Wednesday, February 3, 2010

Organizations across Canada team up to improve the health of Canadians

$15.5 million invested in chronic disease prevention by the Canadian Partnership Against Cancer, with support from the Public Health Agency of Canada and the Heart and Stroke Foundation

OTTAWA, February 3, 2010 /Canada NewsWire/ - More than 30 organizations from across Canada are uniting as partners in a series of initiatives designed to improve the health of Canadians by preventing chronic disease. A total of $15.5 million is being invested in seven collaborative coalitions addressing such issues as childhood obesity, screening for chronic disease by family doctors, and the unique needs of First Nations communities. The Honourable Leona Aglukkaq, Minister of Health, announced the funding today to mark World Cancer Day, February 4th, and Heart Month. Joining her for the announcement was the lead coalition funder Canadian Partnership Against Cancer, along with funders Public Health Agency of Canada and the Heart and Stroke Foundation.

"About two-thirds of deaths in Canada are due to chronic diseases. Many of these diseases, such as heart disease and many cancers, can be prevented through healthier lifestyles and healthier communities," said the Honourable Leona Aglukkaq, federal Minister of Health. "Bringing together the many dedicated organizations working to prevent chronic disease will help to accelerate a vision we all share: healthier children and healthier Canadians in all parts of the country."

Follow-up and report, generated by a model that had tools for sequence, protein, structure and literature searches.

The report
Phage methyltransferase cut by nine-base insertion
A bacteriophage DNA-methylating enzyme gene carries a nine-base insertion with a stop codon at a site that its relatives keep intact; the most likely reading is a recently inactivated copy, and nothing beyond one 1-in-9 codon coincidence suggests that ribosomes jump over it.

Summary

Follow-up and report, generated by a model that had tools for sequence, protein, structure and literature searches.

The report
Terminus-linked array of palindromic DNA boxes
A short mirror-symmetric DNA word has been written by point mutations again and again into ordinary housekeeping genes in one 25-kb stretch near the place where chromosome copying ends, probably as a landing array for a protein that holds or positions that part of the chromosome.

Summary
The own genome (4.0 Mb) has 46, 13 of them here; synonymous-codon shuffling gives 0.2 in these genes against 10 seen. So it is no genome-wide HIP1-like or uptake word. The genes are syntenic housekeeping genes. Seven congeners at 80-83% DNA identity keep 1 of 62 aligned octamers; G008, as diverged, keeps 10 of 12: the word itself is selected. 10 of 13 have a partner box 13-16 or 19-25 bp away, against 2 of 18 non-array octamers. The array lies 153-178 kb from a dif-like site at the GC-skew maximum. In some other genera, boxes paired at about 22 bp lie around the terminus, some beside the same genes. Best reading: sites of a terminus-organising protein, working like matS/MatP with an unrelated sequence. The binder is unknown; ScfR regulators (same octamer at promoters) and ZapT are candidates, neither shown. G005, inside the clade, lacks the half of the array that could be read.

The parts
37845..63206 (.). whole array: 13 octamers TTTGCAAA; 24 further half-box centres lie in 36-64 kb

An initiative of the Canadian Partnership Against Cancer, and funded under the banner of CLASP - which stands for Coalitions Linking Action and Science for Prevention - the initiatives respond to the fact that many aspects of healthy living - such as maintaining a healthy body weight, quitting smoking and improving the quality of our environment - can reduce the risk for not only many cancers but also other chronic diseases like diabetes, lung disease and heart disease. Coalitions will incorporate scientific, practice and policy expertise, as well as evidence from both research studies and existing programs in their planning, and will build on chronic disease prevention efforts already underway in many provinces and territories.

"CLASP is the first of its kind to support organizations working together in this way to prevent chronic disease," said Dr. Simon Sutcliffe, Chair of the Canadian Partnership Against Cancer. "The results will benefit Canadians in a range of ways - from tackling childhood obesity to understanding the relationship between our health and the way we have organized our physical living and working environments. This team effort - drawing from and sharing expertise from across the country - truly demonstrates that the whole is greater than the sum of its parts."

The funded programs include those that will:

- Tackle childhood obesity by limiting the accessibility and appeal of unhealthy food choices, while also partnering with remote First Nations communities to assist in developing sustainable food strategies based on local dietary practices.